I recently read a great article about how anxiety can negatively affect our health, stress our immune systems, and actually cause us to become more susceptible to illness. While this is good information, it can also cause those who are anxious to feel even more anxious about their anxiety. Welcome to the mysterious world of living inside your head.
Here’s the thing: cutting through the static of anxiety is not as simple as turning the station or flipping it off altogether. Trust me, if it were, I’m fairly certain the issue would no longer exist. Instead, anxiety disorders are affecting 40 million adults in the U.S.1
So, if you’re struggling in this crazy COVID season, here are 10 things that might help you deal…
1. Get Outside
I’m sure you’re thinking, “Well, duh.” I know, I know… But the other day I was in the middle of a very anxious moment and reached out to my best friend. She listened and then suggested I step outside and feel the sun and wind. I know that sunshine and fresh air are mood-boosters, but sometimes the practical reminder in the moment is just what you need. It’s always free, available, and still allowed. So don’t discount it! Bonus: sunlight is a natural disinfectant—take that, COVID!2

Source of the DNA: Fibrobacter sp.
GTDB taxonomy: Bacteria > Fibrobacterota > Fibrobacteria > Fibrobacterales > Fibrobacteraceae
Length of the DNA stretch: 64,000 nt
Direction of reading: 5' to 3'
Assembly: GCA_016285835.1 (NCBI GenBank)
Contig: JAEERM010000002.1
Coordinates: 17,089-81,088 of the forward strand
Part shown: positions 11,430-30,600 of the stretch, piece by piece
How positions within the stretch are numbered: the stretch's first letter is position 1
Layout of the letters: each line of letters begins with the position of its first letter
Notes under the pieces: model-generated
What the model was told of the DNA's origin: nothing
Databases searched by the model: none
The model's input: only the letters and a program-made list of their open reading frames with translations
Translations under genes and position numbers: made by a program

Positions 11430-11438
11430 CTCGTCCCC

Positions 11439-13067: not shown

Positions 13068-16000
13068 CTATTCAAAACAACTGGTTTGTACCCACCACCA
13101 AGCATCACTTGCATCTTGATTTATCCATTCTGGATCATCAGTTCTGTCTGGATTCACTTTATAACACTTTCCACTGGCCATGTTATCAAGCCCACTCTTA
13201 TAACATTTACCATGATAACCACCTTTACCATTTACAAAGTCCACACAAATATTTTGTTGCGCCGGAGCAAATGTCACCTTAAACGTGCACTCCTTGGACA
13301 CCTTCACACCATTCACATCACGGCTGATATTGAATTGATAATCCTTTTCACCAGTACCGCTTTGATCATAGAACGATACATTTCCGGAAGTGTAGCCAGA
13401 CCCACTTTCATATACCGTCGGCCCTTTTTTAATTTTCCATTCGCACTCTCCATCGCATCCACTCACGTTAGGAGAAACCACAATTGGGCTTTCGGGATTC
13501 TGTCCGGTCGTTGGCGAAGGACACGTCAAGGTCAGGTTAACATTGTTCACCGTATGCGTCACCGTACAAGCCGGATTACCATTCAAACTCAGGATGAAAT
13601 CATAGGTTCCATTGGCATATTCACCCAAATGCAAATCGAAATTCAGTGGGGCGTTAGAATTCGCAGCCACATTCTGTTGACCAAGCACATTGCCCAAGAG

2. Play Like a Kid
Our family went for a walk last night to try and kill some cabin fever, and our son kept begging me to race him. I finally gave in (toddlers are relentless). We raced, played tag, and skipped around; he had me laughing so hard. I snapped out of my head and into the moment without even trying. There’s a reason why kids are light-hearted. So go ahead and play like one.
3. Laugh It Off
Speaking of laughing, that in and of itself is a great tip. It’s like an instant reset for me. Talk to someone who always makes you laugh, scroll through some memes (pandemic life has given the whole world plenty of material), play a game, or turn on a comedy. Laughter truly is the best medicine.
You might enjoy this light-hearted and funny episode of our podcast This Grit and Grace Life:
Girl Code: Secrets From Our Unofficial Rule Book – 090
4. Cry It Out
This probably sounds odd, but sometimes a good cry can do the trick. According to an article in PsychCentral, crying removes toxins, elevates mood, lowers tension, and releases feelings (among other health benefits). For me, it relieves tension and my body feels calm and peaceful afterward. Similar to laughing, find ways to give your body this physical relief.
5. Talk About It